Brexit: UK not standing up to Brussels bullies, says Raab

Elias Hubbard
November 18, 2018

Mr Raab and Work and Pensions Secretary Esther McVey both resigned over the deal, along with a series of junior Government ministers. When politicians argued for Brexit, they insisted the United Kingdom would take back control of its laws and regulations from Brussels. Her Cabinet knows it and Parliament knows it.

"The deal does not protect jobs or livelihoods of the people in the West Midlands". It sets up a blind Brexit with no idea of what lies ahead.

Other mutinous MPs in her party have openly spoken of ousting her and said the Brexit deal would not pass parliament.

The deal itself provoked strong opinions with only 4 per cent saying they neither support nor oppose the deal.

"This deal does not do that and Labour will not vote for it".

So far she's survived a week that saw two cabinet ministers resign over her draft Brexit deal. She won the ballot, but not by enough to avoid a second-round vote. "If we change the person at the top, whoever is at the top we will still have the same problems".

May says she sees no alternative to the Brexit deal she presented earlier this week, amid reports that some of her senior ministers want her to renegotiate the draft agreement before meeting European Union leaders next weekend.

She replied: "You mentioned sovereignty was a really important issue for you and you're absolutely right".

Around 20 Tory MPs have publicly called for a vote of no confidence in the prime minister, with more thought to have written to the chairman of the backbench 1922 Committee to call for a vote on her leadership.

"I think there is one thing that is missing and that is political will and resolve", he said.

Mays Cabinet was beset by ministerial resignations, and the pound dropped against the dollar and the euro. "There is no different approach that we could agree with the EU", May wrote in an article for the Sun on Sunday newspaper.

A No 10 spokesman indicated that Mr Barclay would focus on domestic preparations for Brexit, rather than negotiations.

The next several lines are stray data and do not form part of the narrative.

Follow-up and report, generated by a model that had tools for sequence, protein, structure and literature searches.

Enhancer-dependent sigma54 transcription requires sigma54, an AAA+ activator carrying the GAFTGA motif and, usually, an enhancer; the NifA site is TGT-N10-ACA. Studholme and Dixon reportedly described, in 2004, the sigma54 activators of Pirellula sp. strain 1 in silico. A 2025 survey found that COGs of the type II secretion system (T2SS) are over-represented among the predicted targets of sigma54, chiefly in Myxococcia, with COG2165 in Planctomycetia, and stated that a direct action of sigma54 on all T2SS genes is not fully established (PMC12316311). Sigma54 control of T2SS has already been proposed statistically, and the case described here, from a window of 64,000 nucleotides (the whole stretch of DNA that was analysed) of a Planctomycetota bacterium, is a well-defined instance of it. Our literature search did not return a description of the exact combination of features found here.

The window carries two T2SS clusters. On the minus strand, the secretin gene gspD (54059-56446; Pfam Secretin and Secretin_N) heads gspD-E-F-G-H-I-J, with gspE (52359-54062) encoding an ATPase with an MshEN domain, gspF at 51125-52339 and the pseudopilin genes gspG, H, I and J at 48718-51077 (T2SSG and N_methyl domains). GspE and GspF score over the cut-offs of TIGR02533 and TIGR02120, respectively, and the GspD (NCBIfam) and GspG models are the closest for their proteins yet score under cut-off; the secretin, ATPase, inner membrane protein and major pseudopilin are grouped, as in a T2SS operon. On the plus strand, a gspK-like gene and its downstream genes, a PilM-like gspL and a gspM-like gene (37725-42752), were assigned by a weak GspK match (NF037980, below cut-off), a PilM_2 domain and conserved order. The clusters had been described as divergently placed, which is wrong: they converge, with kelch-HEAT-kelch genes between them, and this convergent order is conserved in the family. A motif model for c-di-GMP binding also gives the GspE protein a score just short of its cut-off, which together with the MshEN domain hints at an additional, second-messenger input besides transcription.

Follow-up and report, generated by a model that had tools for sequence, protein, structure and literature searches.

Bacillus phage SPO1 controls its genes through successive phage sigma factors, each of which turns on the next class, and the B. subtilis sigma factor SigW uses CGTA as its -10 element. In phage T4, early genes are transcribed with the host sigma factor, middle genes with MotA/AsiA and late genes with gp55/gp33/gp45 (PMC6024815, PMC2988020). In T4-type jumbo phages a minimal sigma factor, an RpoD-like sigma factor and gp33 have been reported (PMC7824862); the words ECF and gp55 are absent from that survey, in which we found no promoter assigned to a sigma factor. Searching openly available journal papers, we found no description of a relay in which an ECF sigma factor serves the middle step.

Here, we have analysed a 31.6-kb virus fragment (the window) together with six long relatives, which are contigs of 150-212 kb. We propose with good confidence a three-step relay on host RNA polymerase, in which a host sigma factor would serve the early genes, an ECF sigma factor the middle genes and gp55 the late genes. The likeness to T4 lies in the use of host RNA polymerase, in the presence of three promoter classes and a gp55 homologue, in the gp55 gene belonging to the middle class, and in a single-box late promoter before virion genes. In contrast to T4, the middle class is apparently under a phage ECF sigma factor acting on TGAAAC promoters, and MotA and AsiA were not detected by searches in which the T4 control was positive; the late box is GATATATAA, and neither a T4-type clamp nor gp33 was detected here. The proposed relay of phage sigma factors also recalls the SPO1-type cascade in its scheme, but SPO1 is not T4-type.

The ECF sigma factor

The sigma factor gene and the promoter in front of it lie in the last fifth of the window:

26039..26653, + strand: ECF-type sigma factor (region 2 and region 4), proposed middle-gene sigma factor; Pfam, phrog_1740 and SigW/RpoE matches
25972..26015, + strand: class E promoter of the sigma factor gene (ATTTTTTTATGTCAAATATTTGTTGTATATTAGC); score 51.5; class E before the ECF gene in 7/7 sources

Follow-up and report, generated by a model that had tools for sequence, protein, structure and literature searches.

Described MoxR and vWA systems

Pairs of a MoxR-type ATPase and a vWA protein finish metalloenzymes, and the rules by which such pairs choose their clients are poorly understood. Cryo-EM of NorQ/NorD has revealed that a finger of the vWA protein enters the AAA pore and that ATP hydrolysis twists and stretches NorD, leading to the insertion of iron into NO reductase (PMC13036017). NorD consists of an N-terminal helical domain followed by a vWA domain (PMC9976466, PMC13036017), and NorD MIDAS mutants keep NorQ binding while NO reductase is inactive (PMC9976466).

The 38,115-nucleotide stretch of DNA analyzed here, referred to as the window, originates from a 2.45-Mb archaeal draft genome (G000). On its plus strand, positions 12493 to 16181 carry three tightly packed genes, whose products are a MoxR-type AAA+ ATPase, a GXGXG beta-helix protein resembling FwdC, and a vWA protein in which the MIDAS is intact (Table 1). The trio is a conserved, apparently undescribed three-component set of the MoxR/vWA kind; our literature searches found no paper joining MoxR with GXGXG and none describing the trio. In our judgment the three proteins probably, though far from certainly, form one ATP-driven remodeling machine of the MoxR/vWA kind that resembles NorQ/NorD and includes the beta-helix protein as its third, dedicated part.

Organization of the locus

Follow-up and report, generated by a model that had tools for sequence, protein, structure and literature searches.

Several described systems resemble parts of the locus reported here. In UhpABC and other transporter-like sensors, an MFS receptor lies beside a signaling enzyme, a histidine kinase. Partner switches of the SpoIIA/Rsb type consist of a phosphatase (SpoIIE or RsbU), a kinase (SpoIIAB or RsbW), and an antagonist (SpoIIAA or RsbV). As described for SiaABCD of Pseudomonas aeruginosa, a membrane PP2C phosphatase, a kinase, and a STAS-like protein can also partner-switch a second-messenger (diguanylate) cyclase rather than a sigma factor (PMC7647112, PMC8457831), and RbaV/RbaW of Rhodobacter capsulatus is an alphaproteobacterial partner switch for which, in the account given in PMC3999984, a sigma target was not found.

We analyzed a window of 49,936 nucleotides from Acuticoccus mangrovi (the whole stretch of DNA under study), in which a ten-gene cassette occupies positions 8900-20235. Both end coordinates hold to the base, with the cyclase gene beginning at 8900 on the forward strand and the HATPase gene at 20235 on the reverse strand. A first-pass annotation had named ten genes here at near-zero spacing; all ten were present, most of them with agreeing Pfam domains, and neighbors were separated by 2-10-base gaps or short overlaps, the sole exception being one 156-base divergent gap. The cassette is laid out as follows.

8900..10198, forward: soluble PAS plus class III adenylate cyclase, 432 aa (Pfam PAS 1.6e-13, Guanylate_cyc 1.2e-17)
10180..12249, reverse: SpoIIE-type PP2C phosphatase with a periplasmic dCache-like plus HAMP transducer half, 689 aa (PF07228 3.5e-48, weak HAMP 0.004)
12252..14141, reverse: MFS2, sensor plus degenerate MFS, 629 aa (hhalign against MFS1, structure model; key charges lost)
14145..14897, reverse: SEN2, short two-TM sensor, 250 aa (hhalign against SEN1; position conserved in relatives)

However earlier this week, in his role as health minister, he wrote that "a question that a number of people have raised is whether they will continue to be able to get healthcare in Europe after we leave the European Union, for example if they are retired in France or Spain or going on holiday to Greece or Italy".

Jacob Rees-Mogg: The draft Withdrawal Agreement is "worse than anticipated".

In a sign the Tory civil war over Brexit is not calming, Middle East minister Alistair Burt warned rebels the "consensus" that pro-EU MPs should reluctantly respect the 2016 referendum result could break down if she is toppled.

He said: "On behalf of the Government, I have introduced legislation to Parliament to enable these arrangements to continue, which should help the almost 200,000 British pensioners living across Europe and the many constituents who travel to Europe on holiday". "No deal would be catastrophic for the economy".

Dudley North MP Ian Austin said: "My priority is to get the best deal for Dudley so I want to see an agreement which helps local businesses and protects jobs, safeguards employment rights and the environment and has a proper plan on immigration".

The Walsall MP blasted the Conservatives and claimed their turmoil showed they do not have the country's best interests at heart.

"There is no alternative plan on the table".

Chris Green: "With a heavy heart, I confirm that I have put my letter in calling for a vote of no confidence in the Prime Minister". "People did not vote to be poorer and less secure".

Ms Morton said: "I fully support the Prime Minister in all that she is doing".

"The difficulty we're now in goes back to the difficulty when Britain joined [in 1973]".

Other reports by Click Lancashire

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